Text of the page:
Mobile phones are being geared up to do everything – they want to give us directions, play doctor (the medical kind) and also allow us to make calls, browse social media and all those commonplace bits. Gaming on phones has also been on the rise in recent years and manufacturers and third-party peripheral makers are starting to take note. That’s how we wound up with something like Logitech’s PowerShell, an addition that turns your iPhone 5, 5s or iPod touch into a little handheld game console with a collection of traditional buttons for you to use to get your game on.
What’s in the box?
At least, that’s the theory but we’ll get to that in a moment. Unlike other cases of its type, the PowerShell is a single unit that lets the iPhone slot into place so it can take over your controlling needs. It’s also fitted with an additional 1,500mAh battery because, let’s face it, nobody wants to game on the game and completely drain a battery in the process. So far, so good.
Also packaged with the PowerShell are a USB charging cable (microUSB, for attaching to the controller itself), an adapter for an iPod touch and a headphone extender. We’ve ticked most of the boxes up till this point and the stiff-but-slim design of the controller certainly lends itself to portability. It’s not too heavy and it won’t be taking up much space. So why are we feeling a bit averse to Logitech’s add-on?
It might be because the buttons are hard on the fingers after extensive use, something that this controller format is known for (witness ‘Gamer’s Thumb’ from back in the days of the NES) and which comes from having to hammer the buttons to get a response onscreen. The D-pad and face buttons are too small to be really comfortable, though the controller itself is wonderfully grippable. But that’s not it at all.
With the Logitech PowerShell, mobile gamers are getting four face buttons and pause button on the right-hand side of their iPhone screen, as well as a D-pad on the left with two shoulder buttons topping the whole setup. If they’re not in these positions, you’re holding it upside down.
That seems to be the complete roster but any gamer will tell you that there’s something rather major that didn’t make the guest list. That something is an analogue stick or, ideally, two of the little buggers. There is a lengthy list of iOS 7 games that the PowerShell supports and while the existing control setup is fine for almost any game that is playable in 2D – like side-scrolling fighters or platformers – the moment that you dip into the world of 3D games the Logitech PowerShell becomes… pretty useless.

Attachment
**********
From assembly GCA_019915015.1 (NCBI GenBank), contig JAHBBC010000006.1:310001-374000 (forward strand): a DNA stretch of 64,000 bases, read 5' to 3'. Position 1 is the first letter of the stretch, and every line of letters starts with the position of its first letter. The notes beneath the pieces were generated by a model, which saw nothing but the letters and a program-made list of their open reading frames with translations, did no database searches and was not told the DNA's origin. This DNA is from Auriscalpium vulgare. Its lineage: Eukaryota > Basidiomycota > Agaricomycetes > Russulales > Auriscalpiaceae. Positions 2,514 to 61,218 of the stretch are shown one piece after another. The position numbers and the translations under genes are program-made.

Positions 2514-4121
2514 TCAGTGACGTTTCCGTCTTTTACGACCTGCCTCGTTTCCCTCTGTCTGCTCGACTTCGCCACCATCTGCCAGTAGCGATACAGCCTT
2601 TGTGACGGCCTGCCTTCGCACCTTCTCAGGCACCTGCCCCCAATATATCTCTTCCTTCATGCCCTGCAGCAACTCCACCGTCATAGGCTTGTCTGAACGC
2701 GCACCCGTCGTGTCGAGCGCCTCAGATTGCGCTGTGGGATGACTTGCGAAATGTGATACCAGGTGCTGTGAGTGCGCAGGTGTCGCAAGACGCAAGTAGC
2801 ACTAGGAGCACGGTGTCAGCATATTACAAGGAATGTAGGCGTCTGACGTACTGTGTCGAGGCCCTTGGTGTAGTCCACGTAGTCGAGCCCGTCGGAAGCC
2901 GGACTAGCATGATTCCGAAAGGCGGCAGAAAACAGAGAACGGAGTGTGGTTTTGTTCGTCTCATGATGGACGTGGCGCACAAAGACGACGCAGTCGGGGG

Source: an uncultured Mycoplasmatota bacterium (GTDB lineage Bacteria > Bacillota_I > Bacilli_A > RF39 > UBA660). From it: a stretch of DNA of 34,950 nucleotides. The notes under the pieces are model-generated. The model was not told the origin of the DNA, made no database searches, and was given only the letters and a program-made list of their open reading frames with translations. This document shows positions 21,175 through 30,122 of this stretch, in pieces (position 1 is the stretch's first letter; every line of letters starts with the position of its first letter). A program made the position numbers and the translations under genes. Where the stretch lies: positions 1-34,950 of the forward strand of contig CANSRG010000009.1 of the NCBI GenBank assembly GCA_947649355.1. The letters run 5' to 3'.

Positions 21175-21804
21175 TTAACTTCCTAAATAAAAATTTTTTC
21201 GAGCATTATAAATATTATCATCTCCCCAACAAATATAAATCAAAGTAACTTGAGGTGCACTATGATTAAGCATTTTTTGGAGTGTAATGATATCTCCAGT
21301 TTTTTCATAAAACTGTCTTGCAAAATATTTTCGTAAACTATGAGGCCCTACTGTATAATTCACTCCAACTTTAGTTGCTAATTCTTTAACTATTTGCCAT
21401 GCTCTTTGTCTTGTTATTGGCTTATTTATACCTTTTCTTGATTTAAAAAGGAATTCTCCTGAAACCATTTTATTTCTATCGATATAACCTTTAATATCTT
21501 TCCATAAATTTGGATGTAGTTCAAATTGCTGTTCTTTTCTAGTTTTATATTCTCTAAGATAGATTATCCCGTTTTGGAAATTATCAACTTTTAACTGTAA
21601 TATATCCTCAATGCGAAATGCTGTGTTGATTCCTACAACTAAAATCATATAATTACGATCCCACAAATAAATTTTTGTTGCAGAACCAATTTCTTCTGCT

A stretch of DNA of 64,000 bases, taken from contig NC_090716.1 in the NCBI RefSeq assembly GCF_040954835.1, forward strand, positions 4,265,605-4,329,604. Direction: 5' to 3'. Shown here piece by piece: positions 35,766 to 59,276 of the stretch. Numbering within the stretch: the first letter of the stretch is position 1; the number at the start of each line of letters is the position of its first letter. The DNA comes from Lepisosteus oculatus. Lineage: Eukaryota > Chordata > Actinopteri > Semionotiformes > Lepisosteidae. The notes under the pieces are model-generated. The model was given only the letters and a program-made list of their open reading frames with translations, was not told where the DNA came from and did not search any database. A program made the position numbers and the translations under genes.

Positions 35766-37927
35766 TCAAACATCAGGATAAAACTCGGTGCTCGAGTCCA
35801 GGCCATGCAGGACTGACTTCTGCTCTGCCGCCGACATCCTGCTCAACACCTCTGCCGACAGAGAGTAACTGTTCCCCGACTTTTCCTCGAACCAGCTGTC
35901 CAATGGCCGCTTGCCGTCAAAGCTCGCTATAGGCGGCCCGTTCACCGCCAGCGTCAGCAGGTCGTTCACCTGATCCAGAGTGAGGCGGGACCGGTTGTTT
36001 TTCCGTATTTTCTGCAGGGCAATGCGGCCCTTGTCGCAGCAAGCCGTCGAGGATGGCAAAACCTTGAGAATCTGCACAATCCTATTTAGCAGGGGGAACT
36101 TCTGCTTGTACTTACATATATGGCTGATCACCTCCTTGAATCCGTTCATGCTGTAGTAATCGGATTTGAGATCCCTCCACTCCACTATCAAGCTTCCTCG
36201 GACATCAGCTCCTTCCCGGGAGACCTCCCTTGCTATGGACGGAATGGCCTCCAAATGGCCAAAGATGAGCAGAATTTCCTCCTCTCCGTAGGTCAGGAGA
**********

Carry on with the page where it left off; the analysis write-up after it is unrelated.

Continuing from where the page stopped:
Okay, it’s not that bad but it’s still a frustration that you don’t need. Bashing through a few levels of Sonic or Rayman: Fiesta Run is smooth enough with the PowerShell attached but jump over to Grand Theft Auto: San Andreas, Star Wars: The Old Republic or that golden oldie, the original Tomb Raider and the need for analogue is very, very apparent.
Granted, these are extreme examples but the PowerShell’s lack of analogue support means that any 3D game is a chore to play. Even Tomb Raider, from back in the heady days of the PlayStation One, benefits from having two analogue sticks. One should control movement, the other sorts out the camera. Having neither here means that you’re better off fiddling with the touchscreen controls, which makes using the PowerShell superfluous. That’s never a good thing when you’re looking to capitalise on the gaming market.
That isn’t to say that Logitech’s PowerShell is a pointless purchase but those looking to recreate the old PlayStation 2 days with some time spent with CJ chasing that damned train are going to go away from this one very, very frustrated. If you’re just planning on bumbling around with 2D games that don’t require manipulating a camera, then the PowerShell should serve but even then you’re going to be nursing sore thumbs by the time the battery runs flat. But it’s simple to set up, easy to transport and adds some extra mileage to your battery. It’s just not built for serious (or intermediate) gaming.